Yesterday’s campus session for Module 2 students opened up a discussion on the various research tools which could be employed in the inquiry. The discussion focused initially on the differences between qualitative and quantitative data and various qualities attached to these two types. The implications of the data type focused on what we do with the data during the inquiry and we agreed that we have to “make sense” of the data – try to draw conclusions and inferences from it in relation to our inquiry topic.
Produce essentially quantitative data i.e. is that which we can count – from this we elicit factual assumptions. And while the method can be useful for collecting a great deal of data very quickly, it comes with the risk of being superficial and does not go deeper in uncovering reasons behind preferences for instances. However, there are a range of different question types which can be used in designing a questionnaire ….which can lead to richer data. There is an opportunity in surveys for asking open-ended questions which can produce some qualitative data for interpretation. This slide show below indicates the different question types which can be used:
These provide qualitative data which is textual. The challenge here is the analysis whereby themes have to be sought and perhaps then quantified. We could all imagine having a mass of textual data and using highlighter pens to identify certain themes or opinions throughout the data. Practical issues about organizing interviews were discussed and suggestions made on location and that telephone / skype interviews are a possibility. Recording the interviews was also discussed and the practice of note taking. Good practice would be to provide a list of the themes to be covered in the interview to interviewees in advance and to ensure that questions asked could not lead to a yes / no answer. Interviews are there to uncover feelings, attitudes, reasons etc and interviewers should have probing questions to deal with this …. Could you explain that? Why do you think that happened? How did that come about? etc.
Can produce very useful data about the topic. For instance, survey respondents / interviewees could respond with what they think the “right” answer is and / or to offer you what they think you want to hear. An observation could reveal that the practice is different. A risk with observations is that the observer can influence behaviors and therefore a true picture is not being captured. Generally, the longer the observer can spend gathering data can minimize this risk. Observations can produce both quantitative or qualitative data. Quantitative data such as how many times, how long etc. Qualitative data takes the form of field notes describing situations, locations, people’s actions, body language dress etc.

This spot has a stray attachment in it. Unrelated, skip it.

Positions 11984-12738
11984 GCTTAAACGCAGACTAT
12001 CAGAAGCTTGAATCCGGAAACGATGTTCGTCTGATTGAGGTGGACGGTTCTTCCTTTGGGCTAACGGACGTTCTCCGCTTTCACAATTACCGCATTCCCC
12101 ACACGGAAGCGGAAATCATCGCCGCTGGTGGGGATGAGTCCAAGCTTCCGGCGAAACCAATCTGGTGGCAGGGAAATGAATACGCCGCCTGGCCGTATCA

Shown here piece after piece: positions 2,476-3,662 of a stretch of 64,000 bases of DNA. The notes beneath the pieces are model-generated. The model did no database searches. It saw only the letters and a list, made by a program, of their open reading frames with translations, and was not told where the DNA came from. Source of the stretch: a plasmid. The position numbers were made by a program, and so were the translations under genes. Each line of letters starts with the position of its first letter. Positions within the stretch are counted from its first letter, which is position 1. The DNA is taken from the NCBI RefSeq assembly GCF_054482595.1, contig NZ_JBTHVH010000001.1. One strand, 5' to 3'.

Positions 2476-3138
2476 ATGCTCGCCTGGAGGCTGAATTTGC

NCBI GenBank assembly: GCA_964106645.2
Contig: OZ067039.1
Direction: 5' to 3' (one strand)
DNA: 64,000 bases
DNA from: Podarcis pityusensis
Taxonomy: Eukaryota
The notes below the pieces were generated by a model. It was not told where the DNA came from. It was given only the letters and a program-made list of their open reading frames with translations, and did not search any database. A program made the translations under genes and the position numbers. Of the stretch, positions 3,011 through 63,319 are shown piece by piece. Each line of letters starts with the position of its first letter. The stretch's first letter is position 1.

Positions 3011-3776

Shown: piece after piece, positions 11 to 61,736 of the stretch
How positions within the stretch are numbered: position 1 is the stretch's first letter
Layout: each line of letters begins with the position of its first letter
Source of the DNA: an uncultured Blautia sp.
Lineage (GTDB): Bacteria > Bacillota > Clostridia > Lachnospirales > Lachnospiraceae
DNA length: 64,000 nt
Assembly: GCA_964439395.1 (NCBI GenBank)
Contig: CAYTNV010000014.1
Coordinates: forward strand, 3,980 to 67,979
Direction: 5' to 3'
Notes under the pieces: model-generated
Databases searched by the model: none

Can be useful in gathering a lot of qualitative data very quickly. For instance, if you intend to interview 6 dance students for instance – instead of individual interviews a focus group to with the 6 could produce the data you want. However, focus groups can be difficult to organize as you need a location, an agreed time and there are challenges in gathering the data as the inquirer will not only have to facilitate the discussion but will need to record the data. There is also the practical issue of managing individuals in the focus group to enable all participants to have a say and not allow one highly opinionated person to dominate the group. It can be challenging also to ensure that the discussion stays relevant to your inquiry and the group discussion does not go off on a tangent. Attention was drawn to Google Plus which offers a hangout facility (like a super skype) where you can have up to 8 people participating in a conversation where all can be seen and heard on the computer. Google plus requires you to have a gmail address …
Using more than one tool …
This can be useful in triangulating data – in order to double check results and data. It can also be used in a linear inquiry whereby data is gathered e.g. from survey and analysed and then the knowledge from this process is used to go deeper into the inquiry using another inquiry tool.
Towards the end of the session, we looked at this issue and how to go about it. The advice given was that you should aim to interrogate the literature. What contribution does it make to your inquiry? What questions does it NOT answer? Where does the piece sit in relation to other views (from literature). I told the group what a former colleague of mine used to advise students. If you want to get a D then describe … but if you want to get an A, then analyse! I came across this slide show which is highlights some of the issues in conducting a literature review.